Editorial, Opinion

EDITORIAL: The Pelosis, Obamas of the Democratic Party shouldn’t muffle its loudest progressives

Former President Barack Obama addressed freshman U.S. House Democrats Monday, giving them advice about how to act as policymakers. Importantly, Obama noted representatives should not be afraid to be “bold” with their ideas.

Many freshman Democrats, especially BU alumna Alexandria Ocasio-Cortez, have been outspoken advocates for these types of bold, progressive ideas. These proposals, like the Green New Deal and Medicare-for-all, are major policy ideas that encompass many of the new Democratic members’ ideas.

The idea that a politician needs to be a “moderate” to be successful is a fallacy. To be frank, former President Barack Obama acted as a moderate for most of his tenure in the oval office. His signature policy achievement, the Affordable Care Act, was a moderate compromise to expand healthcare coverage.

Still, even though it was a compromise, the Affordable Care Act did better the lives of millions of individuals. Thus it should be considered a success, even with its imperfections.

However, it is unlikely any policy as aggressively progressive as the Green New Deal will ever become law in full. Given that Republicans control the Executive Branch and the Senate, big progressive ideas are unlikely to be even given a vote until 2021, at the earliest.

But this doesn’t mean Democrats have to stop proposing or pushing their ideas on how to better Americans’ lives. Democrats should push for smaller victories, like passing legislation that would make EpiPens more affordable. And what’s more, there are many elements of the Green New Deal that could be morphed into smaller-scale policy changes themselves.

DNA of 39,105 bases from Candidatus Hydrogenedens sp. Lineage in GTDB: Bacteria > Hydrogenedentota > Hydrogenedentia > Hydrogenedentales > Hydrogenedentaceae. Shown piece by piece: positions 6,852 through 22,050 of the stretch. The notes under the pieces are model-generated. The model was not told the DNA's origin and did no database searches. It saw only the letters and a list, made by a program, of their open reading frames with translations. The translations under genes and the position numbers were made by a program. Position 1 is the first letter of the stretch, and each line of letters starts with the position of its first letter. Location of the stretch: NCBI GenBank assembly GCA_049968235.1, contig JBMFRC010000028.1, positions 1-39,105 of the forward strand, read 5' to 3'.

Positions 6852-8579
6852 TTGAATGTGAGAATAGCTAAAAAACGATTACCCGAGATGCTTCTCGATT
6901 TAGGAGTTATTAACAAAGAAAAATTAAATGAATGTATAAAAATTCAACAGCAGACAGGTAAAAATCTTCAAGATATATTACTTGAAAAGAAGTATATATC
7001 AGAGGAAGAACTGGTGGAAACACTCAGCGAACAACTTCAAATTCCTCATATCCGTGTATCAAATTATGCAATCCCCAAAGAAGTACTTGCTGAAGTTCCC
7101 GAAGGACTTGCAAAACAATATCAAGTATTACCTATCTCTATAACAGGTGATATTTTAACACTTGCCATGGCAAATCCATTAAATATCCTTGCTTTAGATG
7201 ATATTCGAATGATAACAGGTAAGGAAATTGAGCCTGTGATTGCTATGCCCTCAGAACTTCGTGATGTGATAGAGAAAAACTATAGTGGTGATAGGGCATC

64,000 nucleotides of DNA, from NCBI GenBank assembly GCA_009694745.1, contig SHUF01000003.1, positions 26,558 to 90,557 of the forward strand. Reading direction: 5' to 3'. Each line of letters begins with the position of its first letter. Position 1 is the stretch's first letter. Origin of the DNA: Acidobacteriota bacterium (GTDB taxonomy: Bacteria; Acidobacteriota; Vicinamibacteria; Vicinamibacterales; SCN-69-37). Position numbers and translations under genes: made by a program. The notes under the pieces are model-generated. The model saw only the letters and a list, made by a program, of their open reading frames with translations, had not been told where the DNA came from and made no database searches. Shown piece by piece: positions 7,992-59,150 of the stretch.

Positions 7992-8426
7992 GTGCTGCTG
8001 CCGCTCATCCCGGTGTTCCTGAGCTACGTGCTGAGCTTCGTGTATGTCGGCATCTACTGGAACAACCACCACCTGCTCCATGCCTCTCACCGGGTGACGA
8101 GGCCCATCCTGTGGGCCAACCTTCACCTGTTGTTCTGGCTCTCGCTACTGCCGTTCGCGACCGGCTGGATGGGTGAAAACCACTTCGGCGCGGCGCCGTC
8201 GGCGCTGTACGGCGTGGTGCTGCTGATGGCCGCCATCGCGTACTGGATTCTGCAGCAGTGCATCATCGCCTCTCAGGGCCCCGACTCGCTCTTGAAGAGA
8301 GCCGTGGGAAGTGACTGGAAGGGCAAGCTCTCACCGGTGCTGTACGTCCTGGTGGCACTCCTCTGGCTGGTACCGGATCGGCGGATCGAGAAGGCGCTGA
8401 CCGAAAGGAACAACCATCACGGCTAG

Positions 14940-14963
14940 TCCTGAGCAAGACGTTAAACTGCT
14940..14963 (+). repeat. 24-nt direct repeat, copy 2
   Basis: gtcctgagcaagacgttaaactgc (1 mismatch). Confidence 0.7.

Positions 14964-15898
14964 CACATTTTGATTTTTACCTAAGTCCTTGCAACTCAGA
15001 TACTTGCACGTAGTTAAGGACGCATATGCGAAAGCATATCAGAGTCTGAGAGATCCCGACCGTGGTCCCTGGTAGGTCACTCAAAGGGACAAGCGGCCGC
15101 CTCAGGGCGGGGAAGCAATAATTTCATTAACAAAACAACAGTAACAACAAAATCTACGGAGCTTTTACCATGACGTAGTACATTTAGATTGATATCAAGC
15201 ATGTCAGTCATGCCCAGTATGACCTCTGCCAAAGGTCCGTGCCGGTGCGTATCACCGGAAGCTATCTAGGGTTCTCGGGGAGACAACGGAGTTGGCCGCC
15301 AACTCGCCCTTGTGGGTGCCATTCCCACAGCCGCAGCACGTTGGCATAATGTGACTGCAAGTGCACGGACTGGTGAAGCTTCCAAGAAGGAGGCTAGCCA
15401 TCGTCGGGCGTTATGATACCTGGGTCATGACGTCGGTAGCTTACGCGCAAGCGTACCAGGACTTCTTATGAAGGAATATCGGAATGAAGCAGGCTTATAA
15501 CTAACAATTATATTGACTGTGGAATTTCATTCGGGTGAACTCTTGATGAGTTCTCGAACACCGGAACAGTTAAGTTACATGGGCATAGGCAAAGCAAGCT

Congressional Democrats must not focus too much on the 2020 presidential campaign. There is a government in power, right now, that should be serving the American people. Endless campaigning leads to endless tribalism, and politicians should not be so concerned about power that they forget they can affect change in their current positions.

Obama recognized this in his speech Monday. He told House members to make sure they stay in touch with their constituents, according to The Washington Post. The former president also pushed for bipartisanship, but at the same time, discussed that they should not be afraid to stick up for what they believe in.

Many of these freshman Democrats need to realize that while bold policy important, it is also important to help pass lower-profile, less headline-grabbing progressive policy.

These new representatives hail from a younger group of Americans who tend to have either an apathetic or negative view about politics, and they must bring their enthusiasm to policies as grand as Medicare-for-all and as small as restricting irritating robocalls.

Speaker of the House Nancy Pelosi must not crowd out the voices of this new generation of policymakers.

It is unfair that seniority plays such a significant role in committee assignments and, thus, the relative powers of congresspeople. Someone who has been in office for 20 years should not automatically be preferred to someone with four years of experience. After all, isn’t the whole point of our House that every state’s representation is proportional?

Pelosi’s latest bill to improve the Affordable Care Act is a great example of a rational and reasonable change that will benefit many people’s lives. It would expand coverage to more middle-class people, increase aid to lower-income individuals who currently qualify and reverse the Trump administration’s actions that expanded less comprehensive health insurance plans.

Big ideas, like universal health care, are important and need to be discussed. At the same time, though, Democrats can and must push for smaller policy measures that will still improve the healthcare industry.

And if we’re going to talk about 2020 — because let’s face it, we can’t avoid talking about 2020 — then we must move beyond the idea that a presidential candidate has to be a moderate.

Yes, moderate candidates have traditionally appealed to the most people. But if 2016 taught us anything, it is that tradition doesn’t matter in presidential politics anymore. So why not try to elect a strong progressive to the White House?

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